My gran's cleaner often does stuff for her and gran gives her money towards her petrol.

I think that you need to put things on a more business like footing and see how it goes. A business name looks more professional too. But you do need to look at the downside of self employment, which is no guaranteed income, and decide whether it is really right for you or not.

If you want to remain self employed, can you add other services to your cleaning? gardening, dog walking, baby sitting, admin help?

As an accountant/bookkeeper I deal with a lot of people starting up in business, so if you want any advice on building up the business, just PM me (no charge grin)

pieinthesky123 Wed 26-Nov-14 22:27:17

Thank you skye for your advice and for your very kind offer.

My current accountant checks my books and electronically submits my tax return and there is no advice on business start up etc as you can tell.

I would be happy to pay for your time and professional advice, it would be an investment. Once I get this next step out of the way and I have a clearer picture of my situation I will pm you. Thanks once again.

skyeskyeskye Wed 26-Nov-14 22:52:39

Happy to give you some free advice, just PM me whenever, not touting for work grin

Swerving Thu 04-Dec-14 23:08:57

Am I right in thinking that self-employed Class 2 National Insurance Contributions entitle you to some kind of govt support as well as towards your pension? currently I pay £74.25 per quarter but never had to claim.

Pico2 Thu 04-Dec-14 23:22:59

We pay our cleaner by standing order. When we are on holiday we get extra bits done in the time - interior windows, carpet cleaning. Our cleaner takes about 3 weeks holiday and I just pay those as they are often around Christmas.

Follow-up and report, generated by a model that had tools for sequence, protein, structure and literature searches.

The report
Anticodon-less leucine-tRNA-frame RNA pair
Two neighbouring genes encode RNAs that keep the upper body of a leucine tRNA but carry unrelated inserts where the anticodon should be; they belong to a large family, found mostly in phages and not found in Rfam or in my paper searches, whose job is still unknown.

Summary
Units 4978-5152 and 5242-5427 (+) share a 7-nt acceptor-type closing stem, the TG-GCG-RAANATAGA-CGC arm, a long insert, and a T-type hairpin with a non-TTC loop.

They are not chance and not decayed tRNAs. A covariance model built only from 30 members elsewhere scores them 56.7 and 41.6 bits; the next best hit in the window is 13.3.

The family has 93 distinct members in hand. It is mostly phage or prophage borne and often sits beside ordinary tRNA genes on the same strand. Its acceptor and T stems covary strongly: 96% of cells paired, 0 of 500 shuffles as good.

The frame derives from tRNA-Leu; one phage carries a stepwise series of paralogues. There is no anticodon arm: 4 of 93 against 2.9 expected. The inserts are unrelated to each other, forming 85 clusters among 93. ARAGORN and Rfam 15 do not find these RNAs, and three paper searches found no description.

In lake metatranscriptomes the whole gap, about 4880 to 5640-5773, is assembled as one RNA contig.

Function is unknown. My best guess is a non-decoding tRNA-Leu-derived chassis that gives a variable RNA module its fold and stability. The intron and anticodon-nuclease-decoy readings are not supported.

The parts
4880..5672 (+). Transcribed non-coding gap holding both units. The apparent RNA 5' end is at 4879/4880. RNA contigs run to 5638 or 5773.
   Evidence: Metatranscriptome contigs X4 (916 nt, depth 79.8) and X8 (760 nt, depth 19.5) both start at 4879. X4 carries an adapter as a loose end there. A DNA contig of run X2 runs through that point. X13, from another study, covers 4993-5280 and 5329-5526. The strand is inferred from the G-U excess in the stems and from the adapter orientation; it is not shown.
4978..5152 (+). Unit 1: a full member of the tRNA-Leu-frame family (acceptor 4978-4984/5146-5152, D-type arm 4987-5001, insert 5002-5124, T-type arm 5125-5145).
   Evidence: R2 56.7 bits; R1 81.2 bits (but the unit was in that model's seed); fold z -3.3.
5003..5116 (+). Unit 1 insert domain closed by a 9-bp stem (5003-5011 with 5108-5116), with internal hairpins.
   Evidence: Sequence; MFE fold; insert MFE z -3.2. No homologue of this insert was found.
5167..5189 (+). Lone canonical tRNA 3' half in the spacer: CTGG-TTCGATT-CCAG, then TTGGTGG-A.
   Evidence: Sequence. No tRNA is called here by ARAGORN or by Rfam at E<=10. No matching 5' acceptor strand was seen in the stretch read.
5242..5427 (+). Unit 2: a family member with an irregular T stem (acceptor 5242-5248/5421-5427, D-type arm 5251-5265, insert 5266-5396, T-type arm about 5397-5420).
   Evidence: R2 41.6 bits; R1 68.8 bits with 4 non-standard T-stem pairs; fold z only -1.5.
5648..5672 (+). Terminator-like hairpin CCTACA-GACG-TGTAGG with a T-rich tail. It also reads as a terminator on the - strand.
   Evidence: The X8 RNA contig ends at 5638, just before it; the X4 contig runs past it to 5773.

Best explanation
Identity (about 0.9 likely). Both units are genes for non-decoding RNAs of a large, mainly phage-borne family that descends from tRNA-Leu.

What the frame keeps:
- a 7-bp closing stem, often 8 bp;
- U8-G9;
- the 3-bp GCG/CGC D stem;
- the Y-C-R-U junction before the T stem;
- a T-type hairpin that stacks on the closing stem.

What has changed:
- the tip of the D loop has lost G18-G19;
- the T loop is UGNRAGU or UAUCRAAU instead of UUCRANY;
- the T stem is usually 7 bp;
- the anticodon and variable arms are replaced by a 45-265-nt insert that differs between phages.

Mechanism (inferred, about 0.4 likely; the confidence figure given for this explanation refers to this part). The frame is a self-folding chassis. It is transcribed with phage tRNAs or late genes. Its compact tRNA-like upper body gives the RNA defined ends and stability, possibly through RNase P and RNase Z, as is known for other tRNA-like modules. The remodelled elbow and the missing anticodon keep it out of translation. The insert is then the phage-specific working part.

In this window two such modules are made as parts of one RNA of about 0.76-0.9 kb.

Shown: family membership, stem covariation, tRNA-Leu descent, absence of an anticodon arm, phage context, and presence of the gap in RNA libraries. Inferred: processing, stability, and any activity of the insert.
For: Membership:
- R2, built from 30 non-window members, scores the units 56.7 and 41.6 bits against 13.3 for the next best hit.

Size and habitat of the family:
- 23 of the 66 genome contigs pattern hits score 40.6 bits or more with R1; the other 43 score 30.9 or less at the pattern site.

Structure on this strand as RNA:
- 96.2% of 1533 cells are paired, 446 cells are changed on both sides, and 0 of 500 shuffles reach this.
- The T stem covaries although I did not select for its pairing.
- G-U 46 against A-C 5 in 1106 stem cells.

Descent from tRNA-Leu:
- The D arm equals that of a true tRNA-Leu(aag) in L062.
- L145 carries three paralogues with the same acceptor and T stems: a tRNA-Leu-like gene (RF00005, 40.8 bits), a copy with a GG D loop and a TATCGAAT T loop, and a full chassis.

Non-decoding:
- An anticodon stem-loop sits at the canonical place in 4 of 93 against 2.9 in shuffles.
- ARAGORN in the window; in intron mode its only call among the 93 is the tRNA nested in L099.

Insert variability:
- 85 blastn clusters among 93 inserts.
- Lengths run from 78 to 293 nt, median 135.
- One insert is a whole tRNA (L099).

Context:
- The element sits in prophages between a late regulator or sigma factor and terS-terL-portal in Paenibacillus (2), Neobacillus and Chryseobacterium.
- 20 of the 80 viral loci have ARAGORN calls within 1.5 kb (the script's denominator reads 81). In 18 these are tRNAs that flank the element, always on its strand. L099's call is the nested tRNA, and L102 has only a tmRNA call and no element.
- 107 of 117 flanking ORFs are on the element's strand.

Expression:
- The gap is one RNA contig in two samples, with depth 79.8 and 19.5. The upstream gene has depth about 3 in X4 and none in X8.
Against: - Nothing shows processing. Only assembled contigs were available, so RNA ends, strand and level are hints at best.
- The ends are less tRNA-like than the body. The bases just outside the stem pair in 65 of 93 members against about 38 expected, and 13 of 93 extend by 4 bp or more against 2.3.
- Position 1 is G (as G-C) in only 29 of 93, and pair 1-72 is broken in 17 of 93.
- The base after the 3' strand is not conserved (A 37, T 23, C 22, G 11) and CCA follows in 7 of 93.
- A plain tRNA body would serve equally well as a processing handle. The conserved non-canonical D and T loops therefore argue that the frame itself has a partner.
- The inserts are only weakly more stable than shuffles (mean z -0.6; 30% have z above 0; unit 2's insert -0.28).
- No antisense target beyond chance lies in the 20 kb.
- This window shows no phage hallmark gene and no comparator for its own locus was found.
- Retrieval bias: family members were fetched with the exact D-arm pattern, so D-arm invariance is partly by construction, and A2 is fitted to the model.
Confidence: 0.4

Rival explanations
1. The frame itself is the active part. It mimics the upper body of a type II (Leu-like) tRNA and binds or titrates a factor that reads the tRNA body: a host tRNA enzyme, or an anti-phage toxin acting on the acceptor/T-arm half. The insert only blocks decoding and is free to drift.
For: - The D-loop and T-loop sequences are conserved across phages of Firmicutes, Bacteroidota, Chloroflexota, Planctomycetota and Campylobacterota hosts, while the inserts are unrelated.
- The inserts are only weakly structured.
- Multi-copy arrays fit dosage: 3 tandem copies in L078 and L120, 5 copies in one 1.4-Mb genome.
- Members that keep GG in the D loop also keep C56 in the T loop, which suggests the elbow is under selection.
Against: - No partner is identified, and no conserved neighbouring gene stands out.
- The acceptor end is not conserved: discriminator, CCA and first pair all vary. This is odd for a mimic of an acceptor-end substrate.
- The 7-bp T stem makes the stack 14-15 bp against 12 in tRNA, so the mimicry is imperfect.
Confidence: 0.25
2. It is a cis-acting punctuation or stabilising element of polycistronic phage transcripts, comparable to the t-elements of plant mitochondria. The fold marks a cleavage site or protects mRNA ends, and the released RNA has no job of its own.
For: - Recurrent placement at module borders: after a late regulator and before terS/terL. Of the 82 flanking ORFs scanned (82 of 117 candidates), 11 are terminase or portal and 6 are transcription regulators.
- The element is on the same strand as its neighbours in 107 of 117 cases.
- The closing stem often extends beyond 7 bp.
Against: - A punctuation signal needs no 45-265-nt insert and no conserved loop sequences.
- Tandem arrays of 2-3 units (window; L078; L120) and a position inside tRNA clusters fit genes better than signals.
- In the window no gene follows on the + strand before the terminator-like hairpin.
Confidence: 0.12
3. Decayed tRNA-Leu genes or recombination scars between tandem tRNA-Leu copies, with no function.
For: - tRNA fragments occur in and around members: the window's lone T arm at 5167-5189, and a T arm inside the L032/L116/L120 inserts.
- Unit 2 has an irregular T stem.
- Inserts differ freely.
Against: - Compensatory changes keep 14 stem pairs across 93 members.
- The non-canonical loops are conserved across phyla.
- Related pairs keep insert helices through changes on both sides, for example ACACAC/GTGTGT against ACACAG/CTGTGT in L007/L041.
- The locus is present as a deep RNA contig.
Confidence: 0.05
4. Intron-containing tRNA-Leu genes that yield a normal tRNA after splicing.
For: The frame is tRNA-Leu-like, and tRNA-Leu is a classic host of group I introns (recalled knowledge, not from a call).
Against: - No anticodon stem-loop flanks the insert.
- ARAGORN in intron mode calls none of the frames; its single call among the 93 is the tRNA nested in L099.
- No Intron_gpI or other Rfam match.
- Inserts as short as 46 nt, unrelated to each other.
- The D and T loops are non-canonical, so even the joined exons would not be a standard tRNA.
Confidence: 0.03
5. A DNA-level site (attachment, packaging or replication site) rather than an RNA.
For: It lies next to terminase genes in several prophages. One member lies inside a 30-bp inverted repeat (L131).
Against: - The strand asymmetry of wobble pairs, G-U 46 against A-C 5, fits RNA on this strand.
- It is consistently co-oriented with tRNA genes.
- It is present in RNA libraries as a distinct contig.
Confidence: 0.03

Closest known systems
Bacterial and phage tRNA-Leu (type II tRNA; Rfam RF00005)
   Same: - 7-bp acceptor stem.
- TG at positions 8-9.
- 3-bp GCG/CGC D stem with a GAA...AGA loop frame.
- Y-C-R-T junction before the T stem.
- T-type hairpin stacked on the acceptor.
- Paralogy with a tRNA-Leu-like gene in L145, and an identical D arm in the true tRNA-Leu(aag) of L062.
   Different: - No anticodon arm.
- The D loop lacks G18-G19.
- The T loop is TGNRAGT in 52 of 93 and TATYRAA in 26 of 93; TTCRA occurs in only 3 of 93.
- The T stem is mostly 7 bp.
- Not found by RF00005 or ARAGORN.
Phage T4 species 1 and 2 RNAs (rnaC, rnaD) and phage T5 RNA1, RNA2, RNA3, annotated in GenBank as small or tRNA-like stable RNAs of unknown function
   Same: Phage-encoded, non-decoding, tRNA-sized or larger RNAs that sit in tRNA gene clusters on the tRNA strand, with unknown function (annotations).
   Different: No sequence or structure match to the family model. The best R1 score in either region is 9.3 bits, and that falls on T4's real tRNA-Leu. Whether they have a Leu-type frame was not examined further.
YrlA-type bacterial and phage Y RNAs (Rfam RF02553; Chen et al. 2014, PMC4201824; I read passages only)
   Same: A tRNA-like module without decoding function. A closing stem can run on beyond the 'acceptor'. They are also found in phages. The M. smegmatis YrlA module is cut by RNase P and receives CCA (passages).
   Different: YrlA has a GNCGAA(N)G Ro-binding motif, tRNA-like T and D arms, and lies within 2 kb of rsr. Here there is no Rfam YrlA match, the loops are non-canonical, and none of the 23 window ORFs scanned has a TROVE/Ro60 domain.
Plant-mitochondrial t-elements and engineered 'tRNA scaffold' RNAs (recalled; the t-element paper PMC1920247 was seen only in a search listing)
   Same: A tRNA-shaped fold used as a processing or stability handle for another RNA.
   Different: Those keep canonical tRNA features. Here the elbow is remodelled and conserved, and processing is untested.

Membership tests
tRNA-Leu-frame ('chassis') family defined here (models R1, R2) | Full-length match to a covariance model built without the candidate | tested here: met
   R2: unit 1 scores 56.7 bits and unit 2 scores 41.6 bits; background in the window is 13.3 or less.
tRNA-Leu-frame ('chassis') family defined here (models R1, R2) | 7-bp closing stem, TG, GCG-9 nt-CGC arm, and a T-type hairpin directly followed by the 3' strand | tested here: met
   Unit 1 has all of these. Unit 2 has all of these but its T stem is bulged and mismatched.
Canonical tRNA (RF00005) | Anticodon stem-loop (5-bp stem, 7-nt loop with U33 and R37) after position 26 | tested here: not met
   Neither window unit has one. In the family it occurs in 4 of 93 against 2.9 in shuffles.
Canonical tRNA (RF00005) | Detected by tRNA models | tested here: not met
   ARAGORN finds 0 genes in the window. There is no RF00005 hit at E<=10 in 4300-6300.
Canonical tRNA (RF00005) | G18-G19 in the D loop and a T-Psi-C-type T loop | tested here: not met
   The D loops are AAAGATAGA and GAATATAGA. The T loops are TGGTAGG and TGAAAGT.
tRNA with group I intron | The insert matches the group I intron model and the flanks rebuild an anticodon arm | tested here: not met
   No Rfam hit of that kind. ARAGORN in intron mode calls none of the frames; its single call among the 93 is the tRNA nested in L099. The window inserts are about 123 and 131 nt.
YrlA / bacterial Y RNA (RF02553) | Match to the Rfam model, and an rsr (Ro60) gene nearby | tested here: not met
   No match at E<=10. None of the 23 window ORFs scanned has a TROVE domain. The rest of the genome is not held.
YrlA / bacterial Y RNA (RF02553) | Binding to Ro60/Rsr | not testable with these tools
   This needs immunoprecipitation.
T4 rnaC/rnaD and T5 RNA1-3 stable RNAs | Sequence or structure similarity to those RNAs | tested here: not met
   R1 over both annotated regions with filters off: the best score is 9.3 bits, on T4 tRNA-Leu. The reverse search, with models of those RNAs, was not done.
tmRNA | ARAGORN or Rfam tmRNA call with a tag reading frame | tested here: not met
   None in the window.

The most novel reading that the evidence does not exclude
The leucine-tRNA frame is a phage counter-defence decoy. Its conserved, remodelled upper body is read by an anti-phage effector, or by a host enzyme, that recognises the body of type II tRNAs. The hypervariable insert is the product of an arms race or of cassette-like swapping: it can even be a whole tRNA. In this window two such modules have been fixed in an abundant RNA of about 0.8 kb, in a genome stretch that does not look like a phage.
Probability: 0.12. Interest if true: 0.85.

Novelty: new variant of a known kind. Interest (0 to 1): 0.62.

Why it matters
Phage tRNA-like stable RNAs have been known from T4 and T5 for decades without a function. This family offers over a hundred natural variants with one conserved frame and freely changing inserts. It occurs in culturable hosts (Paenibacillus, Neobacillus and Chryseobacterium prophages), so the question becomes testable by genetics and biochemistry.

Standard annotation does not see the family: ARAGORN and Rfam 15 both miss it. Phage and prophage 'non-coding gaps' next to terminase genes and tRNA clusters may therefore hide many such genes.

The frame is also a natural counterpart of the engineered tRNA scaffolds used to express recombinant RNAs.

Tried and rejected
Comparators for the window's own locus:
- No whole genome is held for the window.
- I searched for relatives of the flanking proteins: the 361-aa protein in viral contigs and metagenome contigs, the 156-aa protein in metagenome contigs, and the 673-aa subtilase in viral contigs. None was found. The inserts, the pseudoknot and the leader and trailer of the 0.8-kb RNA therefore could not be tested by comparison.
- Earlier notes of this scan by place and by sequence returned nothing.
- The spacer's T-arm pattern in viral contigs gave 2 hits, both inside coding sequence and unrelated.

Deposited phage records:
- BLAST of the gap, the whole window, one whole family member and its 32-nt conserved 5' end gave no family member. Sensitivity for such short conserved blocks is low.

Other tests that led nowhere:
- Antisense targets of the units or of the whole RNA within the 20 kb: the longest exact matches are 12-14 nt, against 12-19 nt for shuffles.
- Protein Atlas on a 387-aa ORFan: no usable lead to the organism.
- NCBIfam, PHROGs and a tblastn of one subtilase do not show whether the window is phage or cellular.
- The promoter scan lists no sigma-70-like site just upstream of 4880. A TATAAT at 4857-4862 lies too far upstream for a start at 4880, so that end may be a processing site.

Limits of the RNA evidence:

The benefit of a regular direct payment is that it discourages cancellations.

Our cleaner brings all the cleaning stuff.

Your clients are taking the piss. Do they think you are well off and don't really need the work? My grandparents are a bit delusional about their cleaner and carers and think they do it for the love of seeing them.

FanSpamTastic Thu 04-Dec-14 23:35:02

We have a cleaner. She provides all cleaning materials, we provide mop, Hoover etc. Her rate is £12 per hour and she does 6 hours every other week. If she does not want to do one week eg due to vacation then we do not pay, but if she wants to change times around that is fine by us. We have not ever cancelled on her, but if we did I would expect to pay. I have never asked her to do extra jobs but if I did I would expect to pay an additional rate.

ovaltine Thu 04-Dec-14 23:39:14

You need a contract. Local cleaning companies charge an extra pound or 2 an hour for using own products/equipment otherwise customers do need to make sure they provide everything.

Contracts tend to have a notice period, cancelation period (at least 24hrs or still charged). You can adapt contracts from online templates